Maps and Data
In community change work, we are often called upon to use various kinds of data for different circumstances—to assess community conditions, monitor trends, prioritize areas for investment, and more. In place-based work, it’s often useful to explore geographic data and when possible, data displayed on maps. This channel is designed as a guide for changemakers to learn about when and where to use data in their workflow, and to provide guidance around using and interpreting data to inform community change work, as well as sharing data with community partners and stakeholders.
Best practice when using data to drive community change is to use a combination of primary and secondary data to paint a fuller picture of a given community. Secondary data are often quantitative in nature and refer to data collected by someone other than the primary user. Common secondary data sources include censuses, other government agencies, large projects or organizations (e.g. County Health Rankings, Opportunity Insights), and academic research centers (e.g. Institute for Health Metrics and Evaluation), among others. Primary data are data collected by the user, often through community surveys, focus groups, in-depth interviews, community dialogues or conversations, among others.
It’s important to use data in context, especially when using it to inform efforts to advance equitable community well-being. Data in context values people-centered, multi-solving approaches that start with shared sense-making and uses maps, visualizations, and community voices to strengthen data access and understanding. We believe that communities are the experts in their own experiences and deserve to have access to their own data. We believe data in context is an opportunity to build shared language and understanding to catalyze community change and we advocate for spotlighting stories of people with lived community experience alongside data, because it’s the corresponding stories and framing narratives that humanize statistics, draw people in, and prompt action.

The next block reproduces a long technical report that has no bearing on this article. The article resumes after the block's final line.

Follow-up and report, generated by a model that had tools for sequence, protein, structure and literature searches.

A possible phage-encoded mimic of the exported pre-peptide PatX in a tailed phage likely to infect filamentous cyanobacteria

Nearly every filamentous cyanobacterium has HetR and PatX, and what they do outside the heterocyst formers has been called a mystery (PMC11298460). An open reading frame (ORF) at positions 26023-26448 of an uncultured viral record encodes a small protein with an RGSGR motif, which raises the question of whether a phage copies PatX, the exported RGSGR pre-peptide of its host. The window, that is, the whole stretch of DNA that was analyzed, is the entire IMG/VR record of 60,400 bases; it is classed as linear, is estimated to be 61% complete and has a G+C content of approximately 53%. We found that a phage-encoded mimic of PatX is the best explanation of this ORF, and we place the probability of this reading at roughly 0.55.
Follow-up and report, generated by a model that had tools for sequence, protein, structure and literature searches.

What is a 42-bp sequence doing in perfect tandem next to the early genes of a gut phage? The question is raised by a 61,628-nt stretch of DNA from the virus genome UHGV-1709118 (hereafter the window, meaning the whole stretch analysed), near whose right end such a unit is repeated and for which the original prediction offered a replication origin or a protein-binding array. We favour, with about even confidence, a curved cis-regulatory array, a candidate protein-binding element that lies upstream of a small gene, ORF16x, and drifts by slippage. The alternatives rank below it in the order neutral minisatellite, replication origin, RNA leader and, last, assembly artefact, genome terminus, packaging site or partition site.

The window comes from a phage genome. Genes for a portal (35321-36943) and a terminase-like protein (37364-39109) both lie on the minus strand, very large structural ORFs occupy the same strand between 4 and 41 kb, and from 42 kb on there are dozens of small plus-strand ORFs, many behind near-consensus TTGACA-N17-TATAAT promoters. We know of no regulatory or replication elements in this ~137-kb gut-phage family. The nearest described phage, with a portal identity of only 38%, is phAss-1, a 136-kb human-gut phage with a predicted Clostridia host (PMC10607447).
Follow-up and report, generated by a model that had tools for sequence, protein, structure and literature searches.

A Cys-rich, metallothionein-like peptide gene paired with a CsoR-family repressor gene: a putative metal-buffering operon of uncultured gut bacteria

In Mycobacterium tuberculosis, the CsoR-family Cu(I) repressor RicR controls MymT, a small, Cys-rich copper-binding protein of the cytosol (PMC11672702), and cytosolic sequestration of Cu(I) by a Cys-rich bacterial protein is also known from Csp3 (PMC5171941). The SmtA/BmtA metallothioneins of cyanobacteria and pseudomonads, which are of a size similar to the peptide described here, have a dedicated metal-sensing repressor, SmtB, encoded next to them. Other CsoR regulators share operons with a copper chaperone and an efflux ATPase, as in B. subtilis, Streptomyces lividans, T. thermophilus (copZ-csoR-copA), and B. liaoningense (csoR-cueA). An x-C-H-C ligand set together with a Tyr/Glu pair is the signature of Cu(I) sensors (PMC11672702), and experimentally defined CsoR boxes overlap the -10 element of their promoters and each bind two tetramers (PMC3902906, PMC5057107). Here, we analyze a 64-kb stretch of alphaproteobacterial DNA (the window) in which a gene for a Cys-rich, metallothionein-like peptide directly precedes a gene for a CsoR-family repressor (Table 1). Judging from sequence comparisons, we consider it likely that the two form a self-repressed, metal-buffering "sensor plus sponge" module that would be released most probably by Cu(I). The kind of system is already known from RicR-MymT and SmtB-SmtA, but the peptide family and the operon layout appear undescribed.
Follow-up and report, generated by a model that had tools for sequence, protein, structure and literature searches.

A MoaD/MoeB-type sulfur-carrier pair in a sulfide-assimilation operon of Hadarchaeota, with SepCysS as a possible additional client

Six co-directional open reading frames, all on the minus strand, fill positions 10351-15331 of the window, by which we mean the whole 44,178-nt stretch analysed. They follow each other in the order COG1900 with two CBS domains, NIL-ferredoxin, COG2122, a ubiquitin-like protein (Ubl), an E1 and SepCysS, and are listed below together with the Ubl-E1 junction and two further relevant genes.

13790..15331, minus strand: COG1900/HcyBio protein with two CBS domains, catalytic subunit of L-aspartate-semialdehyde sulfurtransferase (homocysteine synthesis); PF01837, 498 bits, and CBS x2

Maps and Data Channel Categories
- Guidance for Using Maps & Data in Community Change Work
These resources and tools provide helpful guidance around using and interpreting data and maps for community change work. This is a great place to start for community data skill-building—you’ll find descriptions of foundational concepts, tips and tricks, and emerging and innovative tools and resources for using data to drive and inform your work.
Search on Community Commons for: Data Modeling | Program Evaluation | Surveillance and Monitoring
Foundations for Community Health Data Users Series
These resources and tools provide explanation and guidance around various methods for qualitative and quantitative data collection. Learn about the different methods, how to select the best method(s) for your project, and discover practical tools to get started collecting data in the field.
Search on Community Commons for: Community Listening Sessions | Key Informant Interviews | Geographic Data | Community Asset Mapping | Data Collection vs Data Sourcing
Discover publicly-available online data sources and datasets where you can access data for your community today. Explore web-based data tools, maps, models, and more to support using data to inform strategies to advance equitable well-being.
Search on Community Commons for: National Data Tools | Data Sources | Datasets | Data Sources for Community Change Work
Discover important considerations for using and sharing data equitably, and practical strategies you can implement to advance data equity. Explore resources and tools to support an equitable approach to data collection, sharing, interpretation, and more. Additionally, learn how to apply specific data and mapping work to social justice issues.
Search on Community Commons for: Data Decolonization | Data Ecosystems | Open Data | Open Mapping
More Mapping and Data Resources
We would love to hear from you! Please click the button below to suggest a resource.